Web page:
FORT MYER, Virginia (WUSA)--We are 37 days away from the Presidential Inaugural Parade. And thousands of groups are sitting on pins and needles waiting to hear if they've been selected to perform in the parade. But theU.S. Army's Old Guard Fife and Drum Corps knows they will be.
Fifty-nine people strong, fifers, buglers and drummers, they have performed for every Presidential Inauguration since John F. Kennedy's in 1961.
"The mission for the Inauguration is pretty simple. We are part of the honor guard for the President," says Master Sgt. William White, the Fife and Drum Corps' Senior Drum Major. "After the swearing in ceremony, after the lunch at the Capitol, is of course the parade. And the military honor guard passes in review before the newly sworn in President and then we escort the President from the Capitol to the White House where he watches the rest of the parade."
These soldier-musicians have been preparing for January's Inaugural Parade since October. This will be Staff Sgt. Kerrin Kampa's first time in the Inaugural Parade. She plays the fife.
"I actually had to audition twice. And I got the position my second try," says Kerrin. "I really wanted a career in music that was sustainable and meaningful and that I get to be a musical ambassador of the Army and the United States."
This will be Sgt. 1st Class Donald Paul Francisco's sixth and final Inaugural Parade.He is retiring.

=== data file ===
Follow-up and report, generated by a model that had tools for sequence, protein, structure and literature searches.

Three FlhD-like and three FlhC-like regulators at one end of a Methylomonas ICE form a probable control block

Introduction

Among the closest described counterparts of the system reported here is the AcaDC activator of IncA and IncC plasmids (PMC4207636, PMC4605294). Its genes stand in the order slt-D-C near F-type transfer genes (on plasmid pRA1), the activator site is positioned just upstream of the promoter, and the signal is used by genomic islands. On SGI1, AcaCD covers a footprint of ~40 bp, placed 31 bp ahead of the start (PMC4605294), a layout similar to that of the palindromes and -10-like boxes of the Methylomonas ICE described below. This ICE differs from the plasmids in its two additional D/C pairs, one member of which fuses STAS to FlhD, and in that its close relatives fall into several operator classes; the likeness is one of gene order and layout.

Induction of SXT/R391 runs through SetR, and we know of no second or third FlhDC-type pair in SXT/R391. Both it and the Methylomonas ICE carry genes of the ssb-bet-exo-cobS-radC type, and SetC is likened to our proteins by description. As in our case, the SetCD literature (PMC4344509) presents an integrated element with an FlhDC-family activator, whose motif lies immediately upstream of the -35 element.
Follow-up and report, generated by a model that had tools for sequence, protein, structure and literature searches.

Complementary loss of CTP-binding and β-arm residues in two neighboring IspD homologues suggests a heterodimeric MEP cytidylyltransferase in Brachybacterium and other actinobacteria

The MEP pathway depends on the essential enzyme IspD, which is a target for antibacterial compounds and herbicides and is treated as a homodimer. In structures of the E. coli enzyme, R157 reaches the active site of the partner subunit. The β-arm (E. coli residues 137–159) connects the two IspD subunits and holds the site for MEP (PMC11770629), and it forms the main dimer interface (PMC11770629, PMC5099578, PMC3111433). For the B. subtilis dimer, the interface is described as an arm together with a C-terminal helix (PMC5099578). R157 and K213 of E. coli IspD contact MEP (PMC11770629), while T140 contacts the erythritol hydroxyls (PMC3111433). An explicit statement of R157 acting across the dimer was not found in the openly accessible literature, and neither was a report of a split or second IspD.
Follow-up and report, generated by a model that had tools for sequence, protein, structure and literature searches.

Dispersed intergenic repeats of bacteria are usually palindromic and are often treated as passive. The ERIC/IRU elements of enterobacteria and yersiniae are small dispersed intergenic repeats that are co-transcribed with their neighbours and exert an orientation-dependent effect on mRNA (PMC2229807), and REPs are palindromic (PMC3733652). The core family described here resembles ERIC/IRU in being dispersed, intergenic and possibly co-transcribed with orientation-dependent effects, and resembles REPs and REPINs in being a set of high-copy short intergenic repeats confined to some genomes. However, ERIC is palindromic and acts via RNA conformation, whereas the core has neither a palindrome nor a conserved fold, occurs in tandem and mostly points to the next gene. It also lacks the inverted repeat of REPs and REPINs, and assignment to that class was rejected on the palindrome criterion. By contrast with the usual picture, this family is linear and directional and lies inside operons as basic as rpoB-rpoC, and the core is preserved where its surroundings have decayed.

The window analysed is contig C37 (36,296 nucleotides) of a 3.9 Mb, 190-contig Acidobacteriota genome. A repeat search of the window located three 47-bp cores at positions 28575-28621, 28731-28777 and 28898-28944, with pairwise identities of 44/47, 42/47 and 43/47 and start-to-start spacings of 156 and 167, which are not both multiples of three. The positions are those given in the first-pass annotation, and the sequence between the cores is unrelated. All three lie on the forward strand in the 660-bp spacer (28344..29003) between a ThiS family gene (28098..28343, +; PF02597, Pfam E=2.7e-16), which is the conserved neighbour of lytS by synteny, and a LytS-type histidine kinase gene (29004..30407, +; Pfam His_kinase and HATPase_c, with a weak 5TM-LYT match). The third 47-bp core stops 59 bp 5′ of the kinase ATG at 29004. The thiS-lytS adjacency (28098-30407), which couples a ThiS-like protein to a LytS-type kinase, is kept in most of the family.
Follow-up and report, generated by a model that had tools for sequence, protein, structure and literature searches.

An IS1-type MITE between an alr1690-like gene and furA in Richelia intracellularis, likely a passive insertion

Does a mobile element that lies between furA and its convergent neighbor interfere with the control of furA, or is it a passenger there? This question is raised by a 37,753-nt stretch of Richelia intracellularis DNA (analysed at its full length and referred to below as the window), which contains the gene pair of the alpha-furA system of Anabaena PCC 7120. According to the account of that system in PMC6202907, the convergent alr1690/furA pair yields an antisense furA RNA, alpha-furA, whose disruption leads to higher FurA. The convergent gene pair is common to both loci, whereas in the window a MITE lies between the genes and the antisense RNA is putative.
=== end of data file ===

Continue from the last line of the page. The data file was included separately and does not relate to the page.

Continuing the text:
"I didn't know too much about the Fife and Drum Corps. I'm from the south. And I'm a jazz-flute player actually," says Francisco. "I'm like a fife? That's different. I really want to learn that. And it has been an amazing journey."
2,400 groups from across the United States and the territories have applied to be in January's parade. First they have to be selected by the Presidential Inaugural Committee (PIC). Everyone is mum on when that announcement will be made, but in past Inaugurations it has happened in mid to late December.
Master Sgt. Jerry Amoury is part of the Joint Team Parade Division. The office that has been collecting the applications for PIC. Amoury is very quick to tell you he has nothing to do with the selection process, but he does know this, "The parameter that has to be met by all the applications is that the group has to keep moving forward. You can't stop and do set pieces and dancing."
As for words of advice from the pros, the Old Guard Fife and Drum Corps, "Well, it's cold. It's always cold," says Master Sgt. White, "But beyond that, it's just neat to be a literal part of history."